The shrimp plant will spread and fall to the ground unless you stake it—butterflies of all kinds and hummingbirds love it.

There’s nothing like taking a early spring drive out to Alachua north of Gainesville to see the roadside flowers the county hasn’t insanely mowed down:-0

This year, Alachua didn’t mow roadside flowers and as a result there was about 5 miles of beautiful flowers along 331 north see as we drove by…

Here, at home, I plant marigolds along our garden fence line and in the garden to help with aphids…but dang, if the birds didn’t help me plant this beautiful Sunflower!

We just love flowers here.  And the red, single hibiscus, though not as flashy as other hibiscus, is a strong, reliable and hearty bloomer.

There’s nothing like having a papaya volunteer out of the compost we spread in our garden launch twenty five feet high…

yummmm papaya…

I really don’t know if Dad liked papaya… but he would have loved all of this…

Thanks to Dad, I do know how to garden. It was a torturous lesson back then while 14 years of age,,,, but how could I know it would lead me all my life? Dad’s can give us so much when they just do take the time.

It’s been a great year here in North Florida for growing a garden. I think we have seen normal weather patterns for our area for the first time in ten years! Odd.

I have to go; Shadow wants to run after the ball.

And then swim in the pool

You know, energies, knowledge and love, all of it transfers many times in ways we don’t know. Dad, thanks for everything…and for those living in Alachua county who want to grow food, I will come help you do it…

It’s about loving life. So thanks Dad, for all that you hated, you taught me how to love so much more. Born in my time, you would’ve been a hippie. I feel certian.

Franque23

 

 

 

 

 


 

Here’s some interesting tidbits on PBS…. The Chronicle of Philanthropy  did a study in 1994  that found PBS ranked 11th among 100 of the most popular and credible charity or non-profits in the US. More,  38.2% of Americans over the age of 12 choose “love” and “like a lot” when given a chance to rate PBS.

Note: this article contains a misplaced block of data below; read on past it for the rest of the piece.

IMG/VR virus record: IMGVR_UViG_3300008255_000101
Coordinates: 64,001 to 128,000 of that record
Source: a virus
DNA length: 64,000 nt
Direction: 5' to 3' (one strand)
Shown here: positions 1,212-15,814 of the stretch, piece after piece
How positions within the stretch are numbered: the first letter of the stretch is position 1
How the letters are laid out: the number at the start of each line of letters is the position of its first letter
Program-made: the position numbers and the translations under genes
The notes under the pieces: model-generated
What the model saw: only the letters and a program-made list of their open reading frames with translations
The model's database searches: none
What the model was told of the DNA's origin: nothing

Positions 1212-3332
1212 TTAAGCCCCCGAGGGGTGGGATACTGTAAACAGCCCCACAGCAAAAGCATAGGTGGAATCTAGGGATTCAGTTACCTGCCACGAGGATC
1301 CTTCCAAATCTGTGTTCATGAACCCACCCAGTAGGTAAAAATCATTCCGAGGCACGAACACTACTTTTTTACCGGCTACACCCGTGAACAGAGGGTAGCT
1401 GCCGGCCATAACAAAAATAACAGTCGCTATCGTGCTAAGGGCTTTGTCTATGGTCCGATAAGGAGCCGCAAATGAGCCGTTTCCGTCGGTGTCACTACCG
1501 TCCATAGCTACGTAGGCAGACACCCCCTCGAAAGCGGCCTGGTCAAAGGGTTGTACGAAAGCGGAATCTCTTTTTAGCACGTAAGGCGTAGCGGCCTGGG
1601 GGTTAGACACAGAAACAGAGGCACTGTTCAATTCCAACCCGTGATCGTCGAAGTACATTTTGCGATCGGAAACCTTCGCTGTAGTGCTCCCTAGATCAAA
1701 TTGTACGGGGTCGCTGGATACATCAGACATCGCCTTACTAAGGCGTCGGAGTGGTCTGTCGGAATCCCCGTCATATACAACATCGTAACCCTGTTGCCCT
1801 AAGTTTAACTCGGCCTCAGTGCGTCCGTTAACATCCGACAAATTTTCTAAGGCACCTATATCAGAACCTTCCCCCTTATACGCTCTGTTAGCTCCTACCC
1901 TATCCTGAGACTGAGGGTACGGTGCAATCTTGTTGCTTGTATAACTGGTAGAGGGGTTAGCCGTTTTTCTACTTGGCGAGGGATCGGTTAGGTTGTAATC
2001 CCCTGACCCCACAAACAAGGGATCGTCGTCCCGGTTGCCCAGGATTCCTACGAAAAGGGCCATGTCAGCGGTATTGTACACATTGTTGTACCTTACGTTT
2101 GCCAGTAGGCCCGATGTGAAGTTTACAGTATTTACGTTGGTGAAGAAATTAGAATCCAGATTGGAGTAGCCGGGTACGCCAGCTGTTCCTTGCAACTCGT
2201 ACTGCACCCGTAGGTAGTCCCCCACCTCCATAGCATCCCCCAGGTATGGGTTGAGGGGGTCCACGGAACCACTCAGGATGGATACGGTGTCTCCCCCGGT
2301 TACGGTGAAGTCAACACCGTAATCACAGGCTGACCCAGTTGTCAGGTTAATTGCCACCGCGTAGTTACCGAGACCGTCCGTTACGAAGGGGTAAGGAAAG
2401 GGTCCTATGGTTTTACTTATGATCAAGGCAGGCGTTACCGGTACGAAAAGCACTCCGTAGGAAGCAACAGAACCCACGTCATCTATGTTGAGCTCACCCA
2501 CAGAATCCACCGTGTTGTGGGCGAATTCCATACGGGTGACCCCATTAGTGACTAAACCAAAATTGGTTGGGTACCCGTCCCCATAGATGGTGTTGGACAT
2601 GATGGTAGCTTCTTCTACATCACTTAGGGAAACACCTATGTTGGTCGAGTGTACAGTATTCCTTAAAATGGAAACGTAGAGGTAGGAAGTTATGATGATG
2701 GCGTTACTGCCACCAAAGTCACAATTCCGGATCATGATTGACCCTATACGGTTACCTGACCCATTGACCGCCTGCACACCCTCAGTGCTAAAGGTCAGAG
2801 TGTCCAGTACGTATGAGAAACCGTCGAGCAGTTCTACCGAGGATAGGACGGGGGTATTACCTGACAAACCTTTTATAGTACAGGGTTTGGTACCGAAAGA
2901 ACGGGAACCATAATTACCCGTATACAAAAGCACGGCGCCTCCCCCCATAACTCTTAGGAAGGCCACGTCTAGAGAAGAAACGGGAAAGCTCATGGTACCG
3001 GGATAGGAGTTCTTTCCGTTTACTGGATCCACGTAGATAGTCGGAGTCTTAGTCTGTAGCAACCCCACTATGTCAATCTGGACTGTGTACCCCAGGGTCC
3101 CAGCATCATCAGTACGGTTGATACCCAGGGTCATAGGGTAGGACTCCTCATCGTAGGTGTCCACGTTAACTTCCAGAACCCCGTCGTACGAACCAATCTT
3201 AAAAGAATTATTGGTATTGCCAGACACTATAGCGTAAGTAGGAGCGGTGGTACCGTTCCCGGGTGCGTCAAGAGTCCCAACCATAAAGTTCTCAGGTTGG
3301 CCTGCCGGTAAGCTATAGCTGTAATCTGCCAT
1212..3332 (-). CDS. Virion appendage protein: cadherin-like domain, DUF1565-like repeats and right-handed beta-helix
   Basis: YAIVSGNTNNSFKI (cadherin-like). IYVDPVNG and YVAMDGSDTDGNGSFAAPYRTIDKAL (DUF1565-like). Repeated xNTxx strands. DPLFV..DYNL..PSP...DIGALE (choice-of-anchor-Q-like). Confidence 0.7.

More……when PBS.org went on line by 2013 its traffic had risen from a starting audience of 2 million to a quarter-billion! That surpassed CBS, ABC and NBC web sites!

PBS has won more Webby awards than any other media company in the WORLD!

Trump asks in his budget to cancel government funding for PBS? Why? It’s recently circulated that when Winston Churchill was asked by Parliament to cut funding from the arts during World War ll he replied, “Then what are we fighting for?” Thing is, Snopes rates this  quote as fake news, but the point remains well taken. Who wants a society void of the Arts, the Humanities, social welfare security and accessible education and  health care?

It’s important to understand that PBS is not solely run by government funding, but has a huge donation based backing from working Americans, businesses and from corporations world-wide. Added to this, our government is meant to help provide American’s services we want, like PBS and the postal system to name two.

Our government is not a business based enterprise charged with making money off the backs of our citizen’s preferences. No, like the U.S, postal system that was never meant to make money but to cost money while providing American’s with mail service, PBS is a non-profit that provides many American’s with a well deserved service.

America is all for one and one for all. Thereby, if so many citizens enjoy the services rendered via PBS then it is reasonable that some monies from the government’s tax collection be used to keep the service up and running.

I say to our government-relax, fund PBS and thank God Social Security checks can still come in the U.S. Mail!

One more little point…..I’ve long heard the notion that PBS is a liberal based broadcast-nothing could be further from the truth. Show’s that talk about global warming are not points but discussions, many  try to be factually based though opinionated. Here’s the deal—if the right did think global warming was true and the Left didn’t, PBS would still run those programs. Get it?

Just because PBS may run programs you find offensive, too liberal for your liking, or just plain wrong doesn’t make the station liberal based. No, most times PBS shows are informative with regard to the facts as stated by science, whether those facts be right or wrong.

The bottom line on PBS: If Democrats everywhere started pooping in the streets, PBS would air shows about it and may even present ideas based on facts about how unhealthy this habit was for America—no matter how much stink they got from some segments of our society because pooping on streets may be healthy for our run-off ground water and good for the economy.

PBS doesn’t lean left or right, but merely presents points of interest in ways that are most often educational, and American’s love their PBS stations….

Them’s the facts. There are no alternative facts about it. None, zip-zero, nada, no how, anything left to say than Trumps’ call to defund one of America’s most popular TV shows is a wrong way turn on a dead-end street.*

Click-off for now.

Franque23.

*2017-President Trump’s budget slashes support for funding of NPR, PBS and public radio stations …

 

 


If you read on you’ll realize we are all in the same boat on this Mexican deal-crowded-cruise-ships